July 5, 2018 / 10:12 AM / 2 months ago

Merkel's Bavarian ally hopeful SPD coalition partner will back migrant centres

* German conservatives seek to win over SPD to migrant plan

* German interior minister to pitch plan to Austrian leader

* Migration tops agenda in Hungarian PM’s talks with Merkel

By Joseph Nasr

BERLIN, July 5 (Reuters) - Germany’s interior minister said on Thursday he was confident centre-left coalition partners would back setting up border zone transit centres for migrants under a plan to defuse a dispute over asylum policy threatening to bring down the government.

The plan was agreed earlier this week to save conservative German Chancellor Angela Merkel’s fragile three-party coalition only three months after it had taken office.

In a speech to German lawmakers, Horst Seehofer, leader of the Bavaria-based Christian Social Union (CSU), defended the plan to hold migrants seeking to enter Germany from Austria in transit centres where those who had already registered elsewhere in the European Union would be sent back there.

The centre-left Social Democrats (SPD), who must endorse the plan for it to go ahead, have voiced concern that the transit centres could amount to internment facilities for refugees that would violate their civil liberties.

Seehofer, echoing Merkel, said the centres would heed the German constitution, which allows new arrivals to be held for up to 48 hours at entry points if authorities believe there is an issue with how they entered Germany.

“We have reached an agreement after intensive debate. I am confident that we will reach an agreement with the SPD as well,” he said. “Our constitution states that (migrants) must be returned within 48 hours and therefore they won’t be closed facilities.”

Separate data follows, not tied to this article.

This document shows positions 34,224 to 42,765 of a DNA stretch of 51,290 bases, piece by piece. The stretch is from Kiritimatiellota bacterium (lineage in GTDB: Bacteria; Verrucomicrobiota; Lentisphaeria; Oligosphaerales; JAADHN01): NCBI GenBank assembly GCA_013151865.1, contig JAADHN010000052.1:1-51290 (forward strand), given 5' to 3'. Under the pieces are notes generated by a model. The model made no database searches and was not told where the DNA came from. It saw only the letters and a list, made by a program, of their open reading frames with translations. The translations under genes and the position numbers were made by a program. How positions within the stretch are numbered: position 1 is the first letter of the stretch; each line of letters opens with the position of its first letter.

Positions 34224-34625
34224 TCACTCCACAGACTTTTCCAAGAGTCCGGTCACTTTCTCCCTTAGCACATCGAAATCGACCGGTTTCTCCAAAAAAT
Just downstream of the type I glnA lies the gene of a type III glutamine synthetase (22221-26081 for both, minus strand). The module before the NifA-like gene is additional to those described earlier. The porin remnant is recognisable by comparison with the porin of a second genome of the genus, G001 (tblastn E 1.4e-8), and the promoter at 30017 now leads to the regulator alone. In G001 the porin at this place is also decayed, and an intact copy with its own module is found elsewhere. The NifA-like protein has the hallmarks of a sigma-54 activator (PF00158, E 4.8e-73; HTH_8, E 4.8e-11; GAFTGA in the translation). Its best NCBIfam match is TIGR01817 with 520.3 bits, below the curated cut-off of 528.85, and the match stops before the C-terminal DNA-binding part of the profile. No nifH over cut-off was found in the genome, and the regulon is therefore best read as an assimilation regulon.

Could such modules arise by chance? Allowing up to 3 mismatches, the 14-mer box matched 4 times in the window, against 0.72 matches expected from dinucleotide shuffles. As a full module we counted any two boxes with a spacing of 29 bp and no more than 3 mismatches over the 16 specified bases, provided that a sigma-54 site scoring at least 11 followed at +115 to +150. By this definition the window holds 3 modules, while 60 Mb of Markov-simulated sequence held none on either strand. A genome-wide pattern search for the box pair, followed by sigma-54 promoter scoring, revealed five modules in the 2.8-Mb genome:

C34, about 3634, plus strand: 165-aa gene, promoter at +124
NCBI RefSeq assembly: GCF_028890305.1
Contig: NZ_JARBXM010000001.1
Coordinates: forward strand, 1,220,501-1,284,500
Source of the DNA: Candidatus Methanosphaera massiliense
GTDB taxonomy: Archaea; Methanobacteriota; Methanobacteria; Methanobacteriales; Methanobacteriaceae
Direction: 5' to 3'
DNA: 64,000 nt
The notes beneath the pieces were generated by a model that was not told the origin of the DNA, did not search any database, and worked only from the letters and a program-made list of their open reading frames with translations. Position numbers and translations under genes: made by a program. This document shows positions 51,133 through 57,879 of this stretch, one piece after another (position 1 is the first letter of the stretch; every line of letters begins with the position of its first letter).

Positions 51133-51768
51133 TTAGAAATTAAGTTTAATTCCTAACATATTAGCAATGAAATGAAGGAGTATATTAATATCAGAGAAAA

The three awkward partners in Merkel’s “grand coalition” will meet on Thursday evening to discuss the plan, which also needs the consent of other European Union countries, particularly Austria and Italy, for it to work.

Merkel’s coalition had teetered on the brink of collapse last month when Seehofer threatened to reimpose controls on Bavaria’s border with Austria - part of the EU’s Schengen passport-free travel zone - to turn back arriving migrants.

Annual migrant arrivals peaked in 2015 at over one million people, many of them fleeing Syria’s war and therefore entitled to asylum, while others were trying to escape poverty. Arrivals have since dropped sharply to the tens of thousands.

POLITICS

In that light, some in the SPD accused Seehofer of sparking the coalition crisis for purely self-serving reasons - his CSU fears hemorrhaging voters to the anti-immigrant Alternative for Germany in a Bavaria’s state election in October.

Seehofer planned later on Thursday to hold talks in Vienna with Austrian Chancellor Sebastian Kurz, who has said his government would take measures to protect its southern borders - including with Italy where many migrants first set foot on EU soil - if Germany proceeded with the transit zones.

Austria fears that tighter German border controls would raise the number of migrants on its own territory. Migration will also be prominent during talks in Berlin later on Thursday between Merkel and anti-immigrant Hungarian Prime Minister Viktor Orban, who has said he is ready to strike a bilateral deal with Germany to limit the migrant arrivals.

The immigration dispute between the Christian Democratic Merkel and her CSU allies mirrors the broader immigration challenge tearing at the cohesion of the European Union.

At a summit late last month, EU leaders agreed to share out refugees on a voluntary basis, create “controlled centres” to process asylum requests and share responsibility for migrants rescued at sea, a central demand of Italy, the main entry point.

The deal was criticised for its vagueness, leaving unclear how the burden would be fairly distributed when member states can choose not to help their peers.

Hungary, the Czech Republic, Slovakia and Poland quickly repeated their refusal to take in any migrants. Orban has been a caustic critic of Merkel’s previous open-door policy on migration, branding it a threat to Christian culture in Europe. (Additional reporting by Tom Koerkemeir and Michael Nienaber, editing by Mark Heinrich)

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